Gwinn continues school budget talks
GWINN — The Gwinn Board of Education will meet at 6:30 p.m. Nov. 29 at the Gwinn Middle/High School Library to yet again discuss and possibly act on budget reductions to make cuts totaling about $550,000 this school year.
The board must make reductions to account for overspending the previous year, due to the board being provided incorrect numbers on which it based its decisions.
Those numbers came from AJ Filizetti, then director of finance and human resources, who the board terminated in August because of what Gwinn Area Community Schools Superintendent Tom Jayne said at the time was “basically dereliction of duties, misfeasance and malfeasance of duties, not performing his duties as expected, not having our records and finances in the type of shape that we would wish at this time of year.”
The board met at length Monday to discuss the reductions but made no major cuts.
One notable reduction was a projected savings of $38,500 following the announced retirement of Jayne at the meeting. He told the board he will step down in February.
He said after the meeting he was retiring due strictly to professional and personal reasons.
Jayne, who took over as top administrator in July 2015, said his decision to retire wasn’t based on the school district’s financial woes.
“It’s time,” Jayne said.
The board on Thursday voted to reduce the district’s third and fourth grade sections from four to three, eliminating two teacher positions. On Monday it rescinded that vote to take a look at making combination classes, such as a fourth/fifth grade classroom.
The two teacher positions still are eliminated, but with combination classes, students wouldn’t be bused from K.I. Sawyer Elementary School to Gilbert Elementary School.
Combined with previous cuts the board had approved this school year, which include eliminating library services, about $330,000 of the $550,000 goal has been cut, according to Jayne, with that number including savings from his salary following his retirement.
However, at Monday’s meeting he cautioned the board it would have to make “really, really big cuts “ and implement them.
“If you don’t want to rock the boat this year — it’s just my gut feeling I’m getting — but it doesn’t seem to be happening,” Jayne said. “I’m just giving you my advice. Either then, or the bill’s coming due. Like I said, the debt’s coming due. You better have a big, big chunk and you can’t waiver from that.”
Getting firmer numbers and facts regarding some suggestions that had been brought up Monday, such as eliminating bus transportation for K.I. Sawyer and reducing the GACS athletic director position to half-time, are some of the goals for the Nov. 29 meeting, as is a presentation of the school district’s audit and a description of administrators’ pay and job descriptions.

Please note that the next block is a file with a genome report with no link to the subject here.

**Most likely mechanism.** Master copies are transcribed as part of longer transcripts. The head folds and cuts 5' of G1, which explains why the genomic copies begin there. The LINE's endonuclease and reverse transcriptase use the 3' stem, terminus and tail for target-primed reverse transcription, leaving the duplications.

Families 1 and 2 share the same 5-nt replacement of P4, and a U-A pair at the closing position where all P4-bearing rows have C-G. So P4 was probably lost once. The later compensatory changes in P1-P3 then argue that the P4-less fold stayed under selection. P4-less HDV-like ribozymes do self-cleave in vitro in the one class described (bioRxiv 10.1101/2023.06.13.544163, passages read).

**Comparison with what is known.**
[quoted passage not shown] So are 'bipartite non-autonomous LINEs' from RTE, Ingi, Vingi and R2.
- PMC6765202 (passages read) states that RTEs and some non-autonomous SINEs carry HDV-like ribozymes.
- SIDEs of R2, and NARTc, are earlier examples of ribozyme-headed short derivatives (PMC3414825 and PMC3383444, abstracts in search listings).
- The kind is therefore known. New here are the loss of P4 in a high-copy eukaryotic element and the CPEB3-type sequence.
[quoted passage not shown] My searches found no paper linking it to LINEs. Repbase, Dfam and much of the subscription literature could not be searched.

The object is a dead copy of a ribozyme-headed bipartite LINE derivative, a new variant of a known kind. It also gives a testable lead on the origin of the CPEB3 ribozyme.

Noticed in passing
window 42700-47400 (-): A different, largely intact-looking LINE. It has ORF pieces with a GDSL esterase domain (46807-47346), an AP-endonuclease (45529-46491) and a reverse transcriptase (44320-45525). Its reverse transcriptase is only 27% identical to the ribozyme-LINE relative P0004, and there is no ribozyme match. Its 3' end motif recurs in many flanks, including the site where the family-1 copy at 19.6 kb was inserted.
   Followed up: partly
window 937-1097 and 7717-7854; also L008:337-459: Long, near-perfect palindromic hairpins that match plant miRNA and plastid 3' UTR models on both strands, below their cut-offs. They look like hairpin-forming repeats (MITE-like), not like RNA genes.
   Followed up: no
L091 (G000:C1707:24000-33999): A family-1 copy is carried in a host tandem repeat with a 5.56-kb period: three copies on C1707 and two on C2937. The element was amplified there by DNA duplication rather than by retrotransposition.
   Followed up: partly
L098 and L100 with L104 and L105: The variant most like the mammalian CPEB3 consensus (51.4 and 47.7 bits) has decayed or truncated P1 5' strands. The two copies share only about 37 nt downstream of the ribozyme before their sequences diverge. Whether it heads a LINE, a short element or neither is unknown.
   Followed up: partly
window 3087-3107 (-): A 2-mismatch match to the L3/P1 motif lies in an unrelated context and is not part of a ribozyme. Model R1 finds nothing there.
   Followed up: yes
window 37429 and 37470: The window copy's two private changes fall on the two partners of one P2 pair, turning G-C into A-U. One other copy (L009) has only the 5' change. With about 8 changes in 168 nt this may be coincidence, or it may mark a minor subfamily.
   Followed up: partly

“I think we come back on the 29th, we know what we have to do,” Trustee Roger Stein said.
Stein also brought up a point mentioned earlier in the meeting by Treasurer Dale Wedig: staff giving up their salary raises for the year.
“I know they don’t want to, but like I said, that’s a good number, around $200,000,” Stein said. “It would alleviate the kids losing their teacher and have to do with another teacher.”
Jayne pointed out administrative staff did not receive raises.
Wedig said the next thing that would have to be cut is teaching staff, which is why it’s difficult for the board to make budget decisions.
“The last thing I want to do is start cutting teachers,” Wedig said.
Amy Finkbeiner, interim business manager for the district, stressed to the board the district needs to be headed toward the $550,000 goal and find solutions to its financial dilemma to show state officials it’s making progress.
“So, while this is horrible and it is very difficult and uncomfortable, it just makes it worse by putting it off,” Finkbeiner said. “It doesn’t make it go away.”
Jayne said the company hired to find a permanent business manager, Hiring Solutions LLC, based in downstate Okemos, as of Friday has received 41 candidates for the position, six of which it believes have the qualifications the district needs.
Staff and parents voiced their concerns to the board before and after budget discussions. One staff member who spoke was Ben Olsen, a coach who also teaches physical education at the elementary level.
“It has now reached that moment where it’s time to stand up for myself and my colleagues,” Olsen said. “You can no longer cut the people who directly work with the students in this district.”
Another departure was announced Monday: the resignation of board President Ron Lauren, who did not attend the meeting. The board voted for Trustee Ashley Jenema to temporarily serve as president until the position is filled.
Board Vice President Brian Heath thanked Lauren for his service.
“He’s very straigtforward,” Heath said. “Some people may have felt a little harshness to it, but I respect him very much. He’s led this board quite well, very well, and he will be missed.”
Christie Bleck can be reached at 906-228-2500, ext. 250. Her email address is email@example.com.